New methods for creating 3-D nanostructures deposited on an array of regularly spaced indentations on the surface of silicon films opens the door for innovative nanosensors
Scientists have shown that it is now possible to simultaneously create highly reproductive three-dimensional silicon oxide nanodots on micrometric scale silicon films in only a few seconds. Xavier Landreau and his colleagues at the University of Limoges, France, demonstrated in their paper to be published in EPJD¹ that they were able to create a square array of such nanodots, using regularly spaced nanoindents on the deposition layer, that could ultimately find applications as biosensors for genomics or bio-diagnostics.
They used a process called atmospheric pressure plasma-enhanced chemical vapour deposition. This approach is a much faster alternative to methods such as nanoscale lithography, which only permits the deposition of one nanodot at a time. It also improves upon other silicon oxide growth processes that do not make it possible to precisely order the nanodots into an array. In addition, it can be carried out at atmospheric pressure, which decreases its costs compared to low-pressure deposition processes.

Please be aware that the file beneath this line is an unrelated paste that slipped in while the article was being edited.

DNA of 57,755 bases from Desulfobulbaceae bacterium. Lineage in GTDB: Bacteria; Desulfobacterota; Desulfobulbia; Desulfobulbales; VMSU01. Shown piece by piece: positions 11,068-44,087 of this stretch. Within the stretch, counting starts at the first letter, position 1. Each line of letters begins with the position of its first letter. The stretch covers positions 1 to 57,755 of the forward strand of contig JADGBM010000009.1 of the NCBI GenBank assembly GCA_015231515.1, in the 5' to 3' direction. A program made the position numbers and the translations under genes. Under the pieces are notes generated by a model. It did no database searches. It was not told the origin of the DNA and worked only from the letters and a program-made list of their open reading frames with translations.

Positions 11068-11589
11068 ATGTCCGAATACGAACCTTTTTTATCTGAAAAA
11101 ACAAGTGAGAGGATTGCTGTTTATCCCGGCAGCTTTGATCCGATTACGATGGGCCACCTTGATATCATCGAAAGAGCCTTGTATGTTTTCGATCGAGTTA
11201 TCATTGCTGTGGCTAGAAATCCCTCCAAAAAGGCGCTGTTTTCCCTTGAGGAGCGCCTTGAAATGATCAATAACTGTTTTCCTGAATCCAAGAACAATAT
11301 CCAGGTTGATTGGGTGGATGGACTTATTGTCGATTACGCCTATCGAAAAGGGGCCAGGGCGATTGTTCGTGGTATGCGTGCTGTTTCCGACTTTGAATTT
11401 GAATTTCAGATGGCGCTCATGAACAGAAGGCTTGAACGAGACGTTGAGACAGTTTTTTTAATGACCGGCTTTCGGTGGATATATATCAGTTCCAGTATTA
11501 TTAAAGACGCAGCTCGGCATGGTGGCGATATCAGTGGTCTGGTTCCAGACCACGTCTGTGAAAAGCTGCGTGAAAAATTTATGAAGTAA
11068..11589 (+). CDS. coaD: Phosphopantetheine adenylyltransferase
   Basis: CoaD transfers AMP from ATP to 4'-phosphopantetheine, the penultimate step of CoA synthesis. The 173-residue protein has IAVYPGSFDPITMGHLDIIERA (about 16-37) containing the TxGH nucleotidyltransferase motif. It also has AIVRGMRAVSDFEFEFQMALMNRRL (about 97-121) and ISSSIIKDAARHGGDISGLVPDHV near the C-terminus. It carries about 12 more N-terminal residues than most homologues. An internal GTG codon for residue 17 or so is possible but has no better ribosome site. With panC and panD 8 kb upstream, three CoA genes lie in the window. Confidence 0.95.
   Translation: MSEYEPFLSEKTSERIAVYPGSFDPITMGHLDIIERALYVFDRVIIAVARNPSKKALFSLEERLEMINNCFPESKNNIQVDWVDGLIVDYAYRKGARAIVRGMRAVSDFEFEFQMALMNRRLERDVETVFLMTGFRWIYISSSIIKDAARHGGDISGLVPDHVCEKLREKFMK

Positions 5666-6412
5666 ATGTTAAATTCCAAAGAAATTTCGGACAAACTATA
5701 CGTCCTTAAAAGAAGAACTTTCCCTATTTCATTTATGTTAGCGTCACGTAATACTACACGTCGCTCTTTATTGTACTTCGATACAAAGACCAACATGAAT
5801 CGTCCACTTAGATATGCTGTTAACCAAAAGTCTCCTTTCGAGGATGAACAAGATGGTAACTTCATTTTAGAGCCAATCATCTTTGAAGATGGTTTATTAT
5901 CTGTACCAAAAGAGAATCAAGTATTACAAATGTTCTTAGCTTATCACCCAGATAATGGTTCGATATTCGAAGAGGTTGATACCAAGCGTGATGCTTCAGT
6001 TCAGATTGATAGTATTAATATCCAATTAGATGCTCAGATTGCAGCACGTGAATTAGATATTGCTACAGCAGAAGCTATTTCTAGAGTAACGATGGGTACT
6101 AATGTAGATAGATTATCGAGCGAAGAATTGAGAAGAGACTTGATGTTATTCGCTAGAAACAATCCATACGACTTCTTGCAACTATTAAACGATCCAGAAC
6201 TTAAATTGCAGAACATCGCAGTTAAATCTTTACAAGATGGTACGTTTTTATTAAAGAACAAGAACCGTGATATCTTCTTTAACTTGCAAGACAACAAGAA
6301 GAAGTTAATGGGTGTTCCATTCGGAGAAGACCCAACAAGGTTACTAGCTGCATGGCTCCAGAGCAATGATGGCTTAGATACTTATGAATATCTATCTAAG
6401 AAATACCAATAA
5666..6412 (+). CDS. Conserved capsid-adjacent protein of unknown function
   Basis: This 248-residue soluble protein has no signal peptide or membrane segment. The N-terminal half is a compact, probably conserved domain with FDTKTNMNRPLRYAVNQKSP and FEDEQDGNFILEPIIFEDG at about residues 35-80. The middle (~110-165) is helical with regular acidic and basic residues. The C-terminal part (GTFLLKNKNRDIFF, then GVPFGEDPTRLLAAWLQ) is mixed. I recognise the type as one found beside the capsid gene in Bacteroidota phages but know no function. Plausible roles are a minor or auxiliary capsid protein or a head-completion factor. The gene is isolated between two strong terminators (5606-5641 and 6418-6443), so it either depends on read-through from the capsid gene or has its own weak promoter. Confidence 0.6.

One of the authors' goals was to understand the self-organization mechanisms leading to a preferential deposition of the nanodots in the indents. By varying the indents' interspacing, they made it comparable to the average distance travelled by the silicon oxide particles of the deposited material. Thus, by adapting both the indents' spacing and the silicon substrate temperature, they observed optimum self-ordering inside the indents using atomic force microscopy.
The next step in their research will be to investigate how such nanoarrays could be used as nanosensors. They plan to develop similar square arrays on metallic substrates in order to better control the driving forces that produce the highly ordered self-organisation of nanodots. Further research will be needed to give sensing ability to individual nanodots by associating them with probe molecules designed to recognise target molecules to be detected.